By El Gaucho, March 7, 1958
Although the state’s population pressures have caused the eight-campus University of California to expand enormously in size and scope during the past 27 years, its academic quality has remained as high as ever.
This is the story told in “The University of California Summary Report of Operations, 1956-57,” released last week by the Controller’s Office of the Regents.
An introductory statement comments:
“Since this summary report of operations for the year 1956-57 is the last to be published by the Regents of the University of California before the retirement of President Robert Gordon Sproul on June 30, 1958, it provides a brief review of the progress made during the 27 years of his administration.”
The report points out that in 1934 a survey of the nation’s universities, conducted by the American Council on Education, showed the University of California to be one of the top-ranking institutions of higher learning in the nation.
Again in 1956, a survey rated the University of California among the best in the nation for the eminence of its faculty and the scope and quality of its facilities.
These are some of the changes that have occurred since 1930:
- Enrollment in regular sessions has increased from 19,626 to 45,303 full-time students.
- Graduate enrollment has increased from 3,200 to 11,100.
- More than 160,000 graduate and undergraduate degrees have been conferred during the period.
- A total of $8,989,247, almost entirely from gifts and bequests, was expended for student aid in the form of scholarships, fellowships and other grants.
- The UCLA campus was expanded and developed to full university stature, and a new Medical Center, including a 320-bed teaching hospital, was established there.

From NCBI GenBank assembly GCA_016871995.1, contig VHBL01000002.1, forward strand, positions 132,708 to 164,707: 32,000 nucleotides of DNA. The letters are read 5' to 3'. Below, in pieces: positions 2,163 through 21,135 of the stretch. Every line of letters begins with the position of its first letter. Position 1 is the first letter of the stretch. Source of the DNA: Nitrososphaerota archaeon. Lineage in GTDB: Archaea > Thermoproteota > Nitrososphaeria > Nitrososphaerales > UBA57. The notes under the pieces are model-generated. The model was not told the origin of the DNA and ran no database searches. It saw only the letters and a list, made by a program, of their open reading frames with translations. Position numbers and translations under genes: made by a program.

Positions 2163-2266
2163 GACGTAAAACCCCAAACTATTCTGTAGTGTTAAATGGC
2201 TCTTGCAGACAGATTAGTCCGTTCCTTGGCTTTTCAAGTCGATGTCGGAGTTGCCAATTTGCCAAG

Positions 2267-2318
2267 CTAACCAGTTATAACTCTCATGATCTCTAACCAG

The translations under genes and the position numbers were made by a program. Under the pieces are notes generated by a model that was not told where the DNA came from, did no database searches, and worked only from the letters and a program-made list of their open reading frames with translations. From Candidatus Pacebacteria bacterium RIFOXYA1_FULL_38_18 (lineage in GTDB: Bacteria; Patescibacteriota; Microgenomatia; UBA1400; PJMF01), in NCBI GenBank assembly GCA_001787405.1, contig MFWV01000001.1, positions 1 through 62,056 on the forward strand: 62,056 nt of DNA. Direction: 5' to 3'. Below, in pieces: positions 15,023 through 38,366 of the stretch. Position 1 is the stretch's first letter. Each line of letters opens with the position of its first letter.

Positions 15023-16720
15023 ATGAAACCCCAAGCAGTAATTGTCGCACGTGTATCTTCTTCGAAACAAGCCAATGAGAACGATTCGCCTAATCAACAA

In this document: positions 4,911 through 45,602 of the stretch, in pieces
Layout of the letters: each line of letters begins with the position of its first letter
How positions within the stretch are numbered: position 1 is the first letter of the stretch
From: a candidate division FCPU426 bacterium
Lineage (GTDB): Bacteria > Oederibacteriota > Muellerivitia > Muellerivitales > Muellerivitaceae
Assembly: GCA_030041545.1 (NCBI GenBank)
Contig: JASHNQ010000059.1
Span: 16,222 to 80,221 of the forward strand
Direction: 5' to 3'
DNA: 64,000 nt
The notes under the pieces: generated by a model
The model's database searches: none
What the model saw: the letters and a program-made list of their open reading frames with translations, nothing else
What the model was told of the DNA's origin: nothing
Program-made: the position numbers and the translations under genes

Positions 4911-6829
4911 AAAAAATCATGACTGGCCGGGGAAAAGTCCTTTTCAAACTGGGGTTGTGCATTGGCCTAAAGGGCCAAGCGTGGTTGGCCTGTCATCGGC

- Four-year liberal arts colleges were established at Riverside, Davis and Santa Barbara.
- Nineteen new schools and colleges were added; 144 new departments and divisions were created; 38 additional bureaus, institutes, foundations and special libraries were set up.
- The number of major subjects of instruction was increased from 77 to 220.
During the time this unprecedented expansion was taking place, the University of California’s quality of instruction did not suffer. For example, six members of the faculty are Nobel Prize winners, 58 belong to the National Academy of Sciences (10 per cent of that elite body), and the University has led all other universities in the number of Guggenheim Fellowships awarded faculty members.
In the field of public service, University of California Extension has provided instruction for some 3,000,000 adults who have participated in classes, correspondence courses, institutes and conferences. The number of California communities it serves has been expanded from 50 to 142.
In addition, the University of California’s library facilities are rated as the third best in the nation. They consist of nearly 4,000,000 volumes with an aggregate value of $19,303,000.